Review: Stalking Jack the Ripper by Kerri Maniscalco

Stalking Jack the Ripper by Kerri Maniscalco

I had never heard of Stalking Jack the Ripper until I listened to Kerri Maniscalco talk about it at BEA 2016. I never would have picked up this book otherwise. I don’t read horror, and the last Victorian era book I read, Etiquette and Espionage, I really did not enjoy. But the things Kerri said about this book changed my mind.

She wrote this book for her grandmother who always loved a good whodunnit. I have started enjoying mysteries more and more, so I was intrigued by this comment. She wanted to incorporate her love of forensic science into her book. Hmm. Even more appealing, I love science and during college I loved Robin Cook’s books about pathology and solving crime. What really hooked me though was when she talked about the main character, Audrey Rose, and her attempts to be true to herself (vs. finding herself which is a typical YA theme) in a society that did not want young women to do anything. I love strong female characters, and I knew I would love Audrey Rose.

In Stalking Jack the Ripper, Audrey Rose is an apprentice in her uncle’s forensics lab. They’re working diligently to discover Leather Apron (a.k.a. Jack the Ripper). Audrey Rose’s father has forbidden her to work with her uncle because their relationship is strained after her mother’s death, following a surgery her uncle performed. Her older brother is slightly more supportive, but he keeps warning her to be careful and not stray outside the house alone because a mad killer is on the lose. Audrey Rose defies them both and goes snooping around at night with her uncle’s other apprentice, Thomas.

This book is more mystery and detective story rather than horror, which pleased me greatly. Some of the descriptions of the murder victims are a little gory, so if you have a weak stomach, this book may not be for you.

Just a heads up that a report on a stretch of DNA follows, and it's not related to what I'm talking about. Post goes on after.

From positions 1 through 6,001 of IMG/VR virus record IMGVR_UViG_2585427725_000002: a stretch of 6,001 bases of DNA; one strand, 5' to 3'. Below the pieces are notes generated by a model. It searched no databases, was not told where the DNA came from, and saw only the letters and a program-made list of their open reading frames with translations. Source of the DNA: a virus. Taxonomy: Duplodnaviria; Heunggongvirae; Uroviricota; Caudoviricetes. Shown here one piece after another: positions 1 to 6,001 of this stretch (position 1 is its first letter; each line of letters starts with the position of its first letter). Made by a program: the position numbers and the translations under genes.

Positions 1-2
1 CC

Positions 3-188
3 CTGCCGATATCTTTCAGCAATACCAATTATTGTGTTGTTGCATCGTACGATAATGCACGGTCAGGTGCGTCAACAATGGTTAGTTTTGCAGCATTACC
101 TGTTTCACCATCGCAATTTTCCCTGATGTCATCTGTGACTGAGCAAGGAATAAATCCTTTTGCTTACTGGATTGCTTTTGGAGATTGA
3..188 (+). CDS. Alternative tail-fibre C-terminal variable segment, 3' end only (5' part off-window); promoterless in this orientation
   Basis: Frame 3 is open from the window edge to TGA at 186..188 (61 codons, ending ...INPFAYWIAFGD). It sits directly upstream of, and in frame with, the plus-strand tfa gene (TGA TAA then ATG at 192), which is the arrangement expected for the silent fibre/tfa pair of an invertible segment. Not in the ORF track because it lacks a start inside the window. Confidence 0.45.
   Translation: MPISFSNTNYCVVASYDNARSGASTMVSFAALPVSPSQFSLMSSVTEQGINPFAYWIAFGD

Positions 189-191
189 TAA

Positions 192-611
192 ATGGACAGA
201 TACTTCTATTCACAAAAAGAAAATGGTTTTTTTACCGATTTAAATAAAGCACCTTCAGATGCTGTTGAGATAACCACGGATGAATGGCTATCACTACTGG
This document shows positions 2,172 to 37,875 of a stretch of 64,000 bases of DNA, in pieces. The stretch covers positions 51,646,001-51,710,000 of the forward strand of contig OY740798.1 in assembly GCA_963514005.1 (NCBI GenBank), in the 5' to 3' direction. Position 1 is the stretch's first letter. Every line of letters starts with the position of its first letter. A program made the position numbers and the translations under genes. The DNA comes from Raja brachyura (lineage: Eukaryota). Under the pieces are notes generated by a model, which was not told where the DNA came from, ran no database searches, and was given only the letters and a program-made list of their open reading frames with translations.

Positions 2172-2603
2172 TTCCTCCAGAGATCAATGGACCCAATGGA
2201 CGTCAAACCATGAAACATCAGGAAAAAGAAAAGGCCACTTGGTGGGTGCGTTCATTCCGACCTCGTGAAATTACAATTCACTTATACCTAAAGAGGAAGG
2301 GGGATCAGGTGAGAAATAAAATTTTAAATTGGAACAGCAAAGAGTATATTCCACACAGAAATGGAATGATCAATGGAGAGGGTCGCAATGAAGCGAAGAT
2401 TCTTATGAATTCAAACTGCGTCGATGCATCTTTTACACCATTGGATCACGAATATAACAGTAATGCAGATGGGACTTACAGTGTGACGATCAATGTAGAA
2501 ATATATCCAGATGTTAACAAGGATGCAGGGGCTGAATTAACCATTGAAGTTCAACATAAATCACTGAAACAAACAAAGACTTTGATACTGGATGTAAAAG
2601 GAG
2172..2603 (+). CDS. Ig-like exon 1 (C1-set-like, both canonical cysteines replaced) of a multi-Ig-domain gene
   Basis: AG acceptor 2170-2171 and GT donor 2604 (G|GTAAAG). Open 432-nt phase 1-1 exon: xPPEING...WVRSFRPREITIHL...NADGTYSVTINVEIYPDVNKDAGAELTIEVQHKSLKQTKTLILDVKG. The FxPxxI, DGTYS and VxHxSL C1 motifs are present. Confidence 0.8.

The plot unfolds a little slowly, mostly because the writing is overly descriptive. Something I do not enjoy. I often felt like full paragraphs or pages even could have been removed. Along that vein, I was kind of wishing I was listening to this book on audio. Descriptions work better for me when I hear someone else read them. I did some skimming; I admit.

But the characters more than made up for it, especially since this is book 1 in a series. Audrey Rose is fiercely independent and snarky. She and Thomas banter a lot, and I loved every second of it. Thomas is amazingly smart. He is able to see minute details and draw unbelievable conclusions from them. I was blown away by Kerri’s writing during these parts of the book. I am so glad I’ll get to read more about these characters in additional books.

And speaking of this book being the beginning of a new series, don’t worry about being left hanging. This book wraps up quit nicely, while also setting the stage for the next adventure. It will leave you wanting more of the characters, but it won’t make you wish you’d waited for the series to progress further before starting.

Rating: 4 Stars

Disclosure: I received this book for free from the publisher at BEA 2016 in exchange for an honest review. This fact does not in any way impact my thoughts/feelings about the book.

Stalking Jack the Ripper
Stalking Jack the Ripper #1
Kerri Maniscalco
Young Adult Fiction
Jimmy Patterson
September 20, 2016
Hardcover
336

Seventeen-year-old Audrey Rose Wadsworth was born a lord's daughter, with a life of wealth and privilege stretched out before her. But between the social teas and silk dress fittings, she leads a forbidden secret life.

Against her stern father's wishes and society's expectations, Audrey often slips away to her uncle's laboratory to study the gruesome practice of forensic medicine. When her work on a string of savagely killed corpses drags Audrey into the investigation of a serial murderer, her search for answers brings her close to her own sheltered world.

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4 Comments

    1. Thanks! It was a great debut. I’m so anxious for the next one now. Although she did end it well and set it up perfectly for the next book. I’m so happy I enjoyed this one. I’m reading another one of my BEA favorites right now, and it’s disappointing so far. 🙁

    1. Yes. I wouldn’t have called it horror at all actually. There is suspense with the mystery, but it wasn’t like I thought the main character was in danger at any point. No crazy killer jumping out or anything. There is some graphic descriptions of the dead bodies, so I guess that’s maybe horror-ish, but it’s not scary at all.

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